Peptidyl-prolyl cis/trans isomerases (PPIases) catalyze the rate-limiting protein folding step at peptidyl bonds preceding proline residues and were found to be involved in several biological processes, including gene expression, signal transduction, and protein secretion. Representative enzymes were found in almost all sequenced genomes, including Corynebacterium glutamicum, a facultative anaerobic Gram-positive and industrial workhorse for the production of amino acids.

We found that in C. glutamicum, the PPIase FkpA confers a temperature-dependent growth advantage in terms of biomass yield. FkpA is a single-domain FK-506 (tacrolimus) binding protein (FKBP)-type PPIase exhibiting typical PPIase activity with artificial substrates and also chaperone activity. FkpA is encoded by fkpA directly downstream of gltA encoding citrate synthase (CS). This gene cluster is conserved and also present in other Actinobacteria.

Graphic of Gene cluster gltA-fkpAGene cluster gltA-fkpA is conserved and also present in other Actinobacteria.

Although FkpA delays the aggregation of CS (often used as a model substrate) and has a positive effect on the activity of CS and its temperature range in vitro, in vivo the growth advantage appears to be unrelated to CS since overexpression of CS did not increase the biomass yield of a fkpA deletion mutant. Thus, other substrates than CS are responsible for the growth difference. Comparative transcriptome analysis revealed genes which exhibit mRNA level changes upon mild heat stress in the absence of FkpA. However, further studies including proteomic analysis could reveal consequences of the absence of FkpA resulting in the decreased biomass yield of C. glutamicum.

Kallscheuer N., Bott M., van Ooyen J., Polen T. (2015)
Single-domain peptidyl-prolyl cis/trans isomerase FkpA from Corynebacterium glutamicum improves the biomass yield at increased growth temperatures.
Appl Environ Microbiol 81(22): 7839-7850
doi: 10.1128/AEM.02113-15

Gluconobacter oxydans

The α-proteobacterium G. oxydans is a gram-negative acetic acid bacterium used for a broad range of industrial applications due to its ability to oxidize a great variety of carbohydrates in the periplasm. This high periplasmic oxidation of substrates combined with a low carbon flux into the cytoplasmic metabolism having no genes encoding for phosphofructokinase, succinyl-CoA synthetase, and succinate dehydrogenase typically results in a low biomass yield which limits a broader range of industrial applications. Recently, heterologous genes were chromosomally integrated and expressed to complete the TCA cycle resulting in about 60% increased biomass yield (PMID 28484812).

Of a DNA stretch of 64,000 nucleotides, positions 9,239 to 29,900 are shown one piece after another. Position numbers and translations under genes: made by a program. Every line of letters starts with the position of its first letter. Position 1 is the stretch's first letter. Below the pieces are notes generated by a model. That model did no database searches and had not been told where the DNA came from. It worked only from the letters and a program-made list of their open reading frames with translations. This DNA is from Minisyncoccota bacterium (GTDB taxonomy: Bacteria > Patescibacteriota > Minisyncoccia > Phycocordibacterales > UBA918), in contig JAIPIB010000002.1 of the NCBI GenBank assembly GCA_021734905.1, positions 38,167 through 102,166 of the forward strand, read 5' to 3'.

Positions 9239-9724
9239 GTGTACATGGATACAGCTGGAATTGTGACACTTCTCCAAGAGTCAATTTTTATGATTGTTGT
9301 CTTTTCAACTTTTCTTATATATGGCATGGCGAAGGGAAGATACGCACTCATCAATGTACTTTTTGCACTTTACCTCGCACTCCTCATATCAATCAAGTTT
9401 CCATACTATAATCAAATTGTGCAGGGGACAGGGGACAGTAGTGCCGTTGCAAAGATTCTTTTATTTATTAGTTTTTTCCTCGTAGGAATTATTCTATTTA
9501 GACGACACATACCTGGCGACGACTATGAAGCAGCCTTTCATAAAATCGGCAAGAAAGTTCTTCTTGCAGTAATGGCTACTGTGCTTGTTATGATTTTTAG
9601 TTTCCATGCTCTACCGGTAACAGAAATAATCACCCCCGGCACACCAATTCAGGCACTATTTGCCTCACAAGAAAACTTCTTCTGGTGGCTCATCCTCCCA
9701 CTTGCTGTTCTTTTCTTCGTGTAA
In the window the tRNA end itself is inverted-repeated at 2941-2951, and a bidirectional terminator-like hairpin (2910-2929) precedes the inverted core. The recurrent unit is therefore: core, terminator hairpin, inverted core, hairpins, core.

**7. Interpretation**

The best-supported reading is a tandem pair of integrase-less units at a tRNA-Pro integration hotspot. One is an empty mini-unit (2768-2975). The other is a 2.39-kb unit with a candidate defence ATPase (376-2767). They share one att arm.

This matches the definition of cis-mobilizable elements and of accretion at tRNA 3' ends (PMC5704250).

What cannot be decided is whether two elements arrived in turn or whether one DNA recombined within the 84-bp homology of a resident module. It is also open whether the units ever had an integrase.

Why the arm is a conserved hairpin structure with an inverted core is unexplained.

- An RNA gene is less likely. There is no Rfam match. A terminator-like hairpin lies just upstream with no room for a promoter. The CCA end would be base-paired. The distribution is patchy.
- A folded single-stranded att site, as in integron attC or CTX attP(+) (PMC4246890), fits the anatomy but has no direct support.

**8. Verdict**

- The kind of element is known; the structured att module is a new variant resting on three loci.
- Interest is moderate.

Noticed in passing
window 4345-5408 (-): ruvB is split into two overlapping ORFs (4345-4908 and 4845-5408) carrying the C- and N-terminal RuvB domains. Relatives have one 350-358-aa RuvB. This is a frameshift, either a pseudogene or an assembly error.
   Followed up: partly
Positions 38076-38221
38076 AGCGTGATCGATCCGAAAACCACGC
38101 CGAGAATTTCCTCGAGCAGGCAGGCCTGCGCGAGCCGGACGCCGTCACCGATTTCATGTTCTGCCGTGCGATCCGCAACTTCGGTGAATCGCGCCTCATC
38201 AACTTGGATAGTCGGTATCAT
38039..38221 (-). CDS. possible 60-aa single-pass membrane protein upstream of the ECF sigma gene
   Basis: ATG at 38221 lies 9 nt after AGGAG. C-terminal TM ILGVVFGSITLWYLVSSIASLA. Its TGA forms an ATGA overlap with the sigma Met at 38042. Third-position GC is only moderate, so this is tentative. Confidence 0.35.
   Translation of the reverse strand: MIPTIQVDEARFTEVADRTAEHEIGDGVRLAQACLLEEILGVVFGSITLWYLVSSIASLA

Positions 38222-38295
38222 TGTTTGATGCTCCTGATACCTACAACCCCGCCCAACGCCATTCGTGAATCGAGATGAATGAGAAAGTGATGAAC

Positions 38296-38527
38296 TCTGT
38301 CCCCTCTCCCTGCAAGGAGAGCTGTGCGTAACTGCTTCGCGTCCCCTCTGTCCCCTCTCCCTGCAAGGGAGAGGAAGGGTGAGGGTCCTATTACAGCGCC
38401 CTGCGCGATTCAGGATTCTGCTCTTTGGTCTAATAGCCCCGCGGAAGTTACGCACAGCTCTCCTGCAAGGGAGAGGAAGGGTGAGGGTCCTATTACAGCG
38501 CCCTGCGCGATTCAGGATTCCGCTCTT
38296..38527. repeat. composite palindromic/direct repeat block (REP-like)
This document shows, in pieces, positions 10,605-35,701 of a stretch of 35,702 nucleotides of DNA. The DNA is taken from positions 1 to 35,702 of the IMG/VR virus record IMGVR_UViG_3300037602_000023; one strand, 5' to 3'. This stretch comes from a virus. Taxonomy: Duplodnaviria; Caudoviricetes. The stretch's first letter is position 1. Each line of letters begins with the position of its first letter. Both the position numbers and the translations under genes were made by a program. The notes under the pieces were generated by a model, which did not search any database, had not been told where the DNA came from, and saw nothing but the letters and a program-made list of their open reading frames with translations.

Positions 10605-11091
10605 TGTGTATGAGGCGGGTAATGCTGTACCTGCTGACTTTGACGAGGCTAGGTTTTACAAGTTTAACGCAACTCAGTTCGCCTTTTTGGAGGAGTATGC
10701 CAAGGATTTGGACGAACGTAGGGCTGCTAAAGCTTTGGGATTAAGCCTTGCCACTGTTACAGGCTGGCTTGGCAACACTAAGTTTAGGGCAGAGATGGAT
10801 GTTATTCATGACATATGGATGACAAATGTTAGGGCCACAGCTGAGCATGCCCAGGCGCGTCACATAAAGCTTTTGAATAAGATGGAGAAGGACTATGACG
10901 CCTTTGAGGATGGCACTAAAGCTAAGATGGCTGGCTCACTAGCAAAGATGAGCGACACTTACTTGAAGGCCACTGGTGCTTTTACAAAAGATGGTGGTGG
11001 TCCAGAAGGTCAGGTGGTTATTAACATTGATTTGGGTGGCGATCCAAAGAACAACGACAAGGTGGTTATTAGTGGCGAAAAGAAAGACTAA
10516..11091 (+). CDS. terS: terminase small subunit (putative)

Enforcing the cytoplasmic glucose catabolism in G. oxydans in such a way may cause suppressor mutations and structural variants affecting the genome stability. To check this we conducted a hybrid approach for genome sequencing by combining Oxford Nanopore’s MinION® sequencing for long reads and Illumina’s technology for short accurate reads. The genome sequence of the engineered G. oxydans strain was stable at least up to 70 generations of strain handling including process time in a controlled bioreactor. The long read data also revealed a novel 1420 bp transposon-flanked and ORF-containing sequence which was hitherto unknown in the G. oxydans 621H reference. Further analysis and genome sequencing showed that this region is also already present in G. oxydans 621H wild-type strains.

Schema of read mappingSchema of read mapping and de novo assembly at the GOX_RS13230-GOX_RS13235 locus. Illumina reads mapped to the G. oxydans 621H reference sequence indicate a structural variant (upper panel) that was resolved by de novo assembly using long nanopore reads spanning a novel 1420 bp transposon-flanked sequence insertion (lower panel). As a result of sequence analysis and ORF search GOX_RS13232 and GOX_RS13233 were added to the updated annotation of G. oxydans 621H.

Our data of G. oxydans 621H wild-type DNA from different resources also revealed in 73 annotated coding sequences about 91 uniform nucleotide differences including InDels. The results were used to improve the high quality genome reference for G. oxydans 621H which is available via ENA accession PRJEB18739 and via

Kranz A., Vogel A., Degner U., Kiefler I., Bott M., Usadel B., Polen T. (2017)
High precision genome sequencing of engineered Gluconobacter oxydans 621H by combining long nanopore and short accurate Illumina reads.
J Biotechnol pii: S0168-1656(17)30170-0
doi: 10.1016/j.jbiotec.2017.04.016